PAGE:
Legend of the Fall

August 13, 2014 // 0 Comments

Legend of the Fall How to crash right, as demonstrated by a pro. ByJoe Lindsey Photo: Matt Vincent If you were watching Stage 12 of the 2011 Tour, you saw Team Sky racer Geraint Thomas go down while descending on a wet, oily mountain road in the Pyrenees. But he crashed about as smoothly and softly as was possible in that case, winding up rolling in the grass instead of post-holing the pavement. Here’s a breakdown of what he did, and what you can learn from it.   1. Assume the Right Position Thomas had his elbows bent and head up, looking through the corner. The inside knee was pointed into the turn and he pressed down on the inside of the handlebar and put his weight on the outside pedal, which he kept down. The bike leaned underneath him, but his body remained straight. It’s a common misconception that you lean with the bike, but in fact it’s important to keep your weight over the tires, so that if they start to slide, they’re still underneath [...]


August 13, 2014 // 6 Comments

Here’s how to train the most important muscles for cycling. ByDimity McDowell Photo: ©Don Foley YOUR BULGING QUADS AND RAZOR-CUT CALVES are the envy of your pack, and you start every ride strong. As the ride progresses, though, your hips seesaw in the saddle, your lower back aches, and you slow in corners. The problem? Your core cries uncle long before your legs wear out. Although a cyclist’s legs provide the most tangible source of power, the abs and lower back are the vital foundation from which all movement, including the pedal stroke, stems. “You can have all the leg strength in the world, but without a stable core you won’t be able to use it efficiently,” says Graeme Street, founder of Cyclo-CORE, a DVD-based training program, and a personal trainer in Essex, Connecticut. “It’s like having the body of a Ferrari with a Fiat chassis underneath.” What’s more, a solid core will help eliminate unnecessary upper-body movement, so [...]

Six common causes of crashes

August 12, 2014 // 0 Comments

Make the Save Six common causes of crashes—and some tips on how to avoid them ByJoe Lindsey Photo: Mark Cavendish crashed hard in the final kilometers of Stage 4 at the 2012 Tour de France. (Getty Images) RELATED CONTENT TRAINING AND FITNESS: Legend of the fall Overlapped Wheels  How it happens: Your front wheel passes the rear wheel of the rider in front of you, shrinking the amount of space and time you have to respond to whatever he does—and increasing the odds of bumping into him. “A guy at the front moves over 4 inches, and at the back it’s 4 feet,” says Tim Johnson, a pro who races for On Stage 9 of the Tour de France in 2011 , Alberto Contador overlapped wheels with Katusha’s Vladimir Karpets. When Karpets inadvertently bumped him, Contador crashed and injured his knee—a mishap that may have contributed to his subpar finish.    Avoid it: Watch the pack so that you know when riders up front are slowing. Overlaps often happen [...]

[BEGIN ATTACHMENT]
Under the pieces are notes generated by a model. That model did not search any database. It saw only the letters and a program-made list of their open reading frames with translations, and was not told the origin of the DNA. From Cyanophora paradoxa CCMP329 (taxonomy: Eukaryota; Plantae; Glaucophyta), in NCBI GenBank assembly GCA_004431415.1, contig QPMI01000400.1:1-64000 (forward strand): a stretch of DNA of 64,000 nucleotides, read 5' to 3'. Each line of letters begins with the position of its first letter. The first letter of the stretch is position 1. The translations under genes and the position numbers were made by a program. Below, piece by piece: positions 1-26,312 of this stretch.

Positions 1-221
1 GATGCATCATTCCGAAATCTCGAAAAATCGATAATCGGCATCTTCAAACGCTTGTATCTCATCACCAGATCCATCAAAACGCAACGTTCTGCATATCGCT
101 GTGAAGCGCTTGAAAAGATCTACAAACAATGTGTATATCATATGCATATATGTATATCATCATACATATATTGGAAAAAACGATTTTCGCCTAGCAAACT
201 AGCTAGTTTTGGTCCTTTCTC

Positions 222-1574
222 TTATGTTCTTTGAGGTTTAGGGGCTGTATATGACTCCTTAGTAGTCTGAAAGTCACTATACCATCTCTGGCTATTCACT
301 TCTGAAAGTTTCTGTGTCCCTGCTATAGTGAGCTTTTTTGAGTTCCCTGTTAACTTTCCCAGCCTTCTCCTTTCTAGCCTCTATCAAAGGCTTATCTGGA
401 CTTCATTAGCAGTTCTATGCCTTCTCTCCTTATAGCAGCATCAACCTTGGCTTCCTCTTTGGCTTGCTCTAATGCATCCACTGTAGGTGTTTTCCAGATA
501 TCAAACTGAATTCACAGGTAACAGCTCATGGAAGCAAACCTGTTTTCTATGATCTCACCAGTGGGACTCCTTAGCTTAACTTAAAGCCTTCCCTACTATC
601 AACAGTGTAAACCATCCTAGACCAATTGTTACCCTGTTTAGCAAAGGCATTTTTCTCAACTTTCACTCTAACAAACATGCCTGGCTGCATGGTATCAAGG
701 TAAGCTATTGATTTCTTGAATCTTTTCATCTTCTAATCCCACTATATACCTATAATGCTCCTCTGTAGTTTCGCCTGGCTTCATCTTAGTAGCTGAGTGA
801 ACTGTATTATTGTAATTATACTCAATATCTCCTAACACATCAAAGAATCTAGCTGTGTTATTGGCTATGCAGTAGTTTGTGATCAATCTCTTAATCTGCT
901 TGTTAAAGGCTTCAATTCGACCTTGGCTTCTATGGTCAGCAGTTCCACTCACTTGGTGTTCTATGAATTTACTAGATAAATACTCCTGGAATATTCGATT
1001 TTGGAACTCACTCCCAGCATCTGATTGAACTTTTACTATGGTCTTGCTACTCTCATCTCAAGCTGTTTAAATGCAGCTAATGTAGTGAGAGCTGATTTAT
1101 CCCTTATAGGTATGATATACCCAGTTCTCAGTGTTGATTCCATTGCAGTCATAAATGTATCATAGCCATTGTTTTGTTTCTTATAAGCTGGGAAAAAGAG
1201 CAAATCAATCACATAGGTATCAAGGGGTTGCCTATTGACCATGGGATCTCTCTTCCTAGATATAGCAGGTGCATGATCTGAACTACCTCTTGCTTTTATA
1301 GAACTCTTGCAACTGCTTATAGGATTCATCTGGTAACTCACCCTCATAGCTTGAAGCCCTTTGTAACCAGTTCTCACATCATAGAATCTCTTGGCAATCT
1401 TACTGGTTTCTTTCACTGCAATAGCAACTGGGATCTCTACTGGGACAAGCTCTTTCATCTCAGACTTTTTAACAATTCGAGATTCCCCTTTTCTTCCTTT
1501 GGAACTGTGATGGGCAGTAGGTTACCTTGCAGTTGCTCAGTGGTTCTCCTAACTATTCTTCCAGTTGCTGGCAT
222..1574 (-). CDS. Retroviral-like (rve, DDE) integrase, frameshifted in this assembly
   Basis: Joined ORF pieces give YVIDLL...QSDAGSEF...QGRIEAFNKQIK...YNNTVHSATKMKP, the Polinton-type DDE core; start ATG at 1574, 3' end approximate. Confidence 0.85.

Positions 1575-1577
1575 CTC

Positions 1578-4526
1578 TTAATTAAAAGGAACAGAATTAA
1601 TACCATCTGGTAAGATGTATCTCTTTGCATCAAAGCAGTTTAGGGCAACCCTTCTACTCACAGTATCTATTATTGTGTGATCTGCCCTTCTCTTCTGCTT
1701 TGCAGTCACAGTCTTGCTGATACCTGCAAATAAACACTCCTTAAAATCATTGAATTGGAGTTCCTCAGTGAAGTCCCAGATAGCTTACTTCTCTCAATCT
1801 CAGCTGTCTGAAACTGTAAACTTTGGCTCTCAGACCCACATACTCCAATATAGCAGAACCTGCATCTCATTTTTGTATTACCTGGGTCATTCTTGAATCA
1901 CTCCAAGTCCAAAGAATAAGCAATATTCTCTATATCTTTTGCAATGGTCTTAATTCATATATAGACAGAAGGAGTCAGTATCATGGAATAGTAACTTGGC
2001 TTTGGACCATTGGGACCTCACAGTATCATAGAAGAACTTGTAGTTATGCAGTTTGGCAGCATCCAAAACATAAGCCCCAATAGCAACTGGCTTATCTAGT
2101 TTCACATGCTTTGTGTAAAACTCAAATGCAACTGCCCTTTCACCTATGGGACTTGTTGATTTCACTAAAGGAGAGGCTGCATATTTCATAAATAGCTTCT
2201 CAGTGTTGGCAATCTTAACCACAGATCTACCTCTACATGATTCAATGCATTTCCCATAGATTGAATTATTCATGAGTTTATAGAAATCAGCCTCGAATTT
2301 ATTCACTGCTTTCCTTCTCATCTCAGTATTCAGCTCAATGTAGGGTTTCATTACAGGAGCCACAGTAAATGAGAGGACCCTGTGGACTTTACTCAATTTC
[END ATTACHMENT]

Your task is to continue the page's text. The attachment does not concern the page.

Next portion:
How to avoid the 5 most common bike-car collisions

August 12, 2014 // 0 Comments

Ride Smart How to avoid the 5 most common bike-car collisions Left Cross A motorist fails to see a cyclist and makes a left turn–it accounts for almost half of all bike-car crashes, according to the Pedestrian and Bicycle Information Center (PBIC).AVOID IT: If you see a car turning into your path, turn right into the lane with the vehicle. “Don’t creep into the intersection at red lights to get a head start,” says Laura Sandt, program specialist for the PBIC. Right Hook A motorist passes a cyclist on the left and turns right into the bike’s path.AVOID IT: Passing stopped or slow-moving cars on the right places you in a driver’s blind spot. Take the lane–it’s your right in all 50 states. “If you’re in the lane, the driver will slow down and stay behind you and wait to make the turn,” says Preston Tyree, who runs the Community Mobility Institute, in Austin, Texas. Doored A cyclist traveling next to parked cars lined up on [...]

How to Avoid 8 Common Road Biking Hazards

August 11, 2014 // 0 Comments

Former Olympian and current USA Cycling coach David Brinton rides bikes for a living—and as a professional stuntman, he used to get paid to crash them, too. Brinton shares some advice on how he handles his bike in eight common road hazards. Photo: Matt Haughey Gravelly or Chip-Sealed Roads “It’s better to pedal through gravelly roads than to coast,” says Brinton. Propulsion provides stability. There is such a thing as too much speed, though. If you start sliding, back off the power (without braking) while staying in the saddle to keep your bike planted. Graveled Corners Take the turn wide and lean your bike more than normal at the beginning. Straighten the bike as you approach the gravel, then, once on clear road, resume leaning. “It’s pretty much the opposite of how I recommend riding corners in normal conditions,” says Brinton. Photo: Theoelliot Wet Roads The first minutes of riding in rainfall are the most dangerous, Brinton says. “Before the oil residue from cars [...]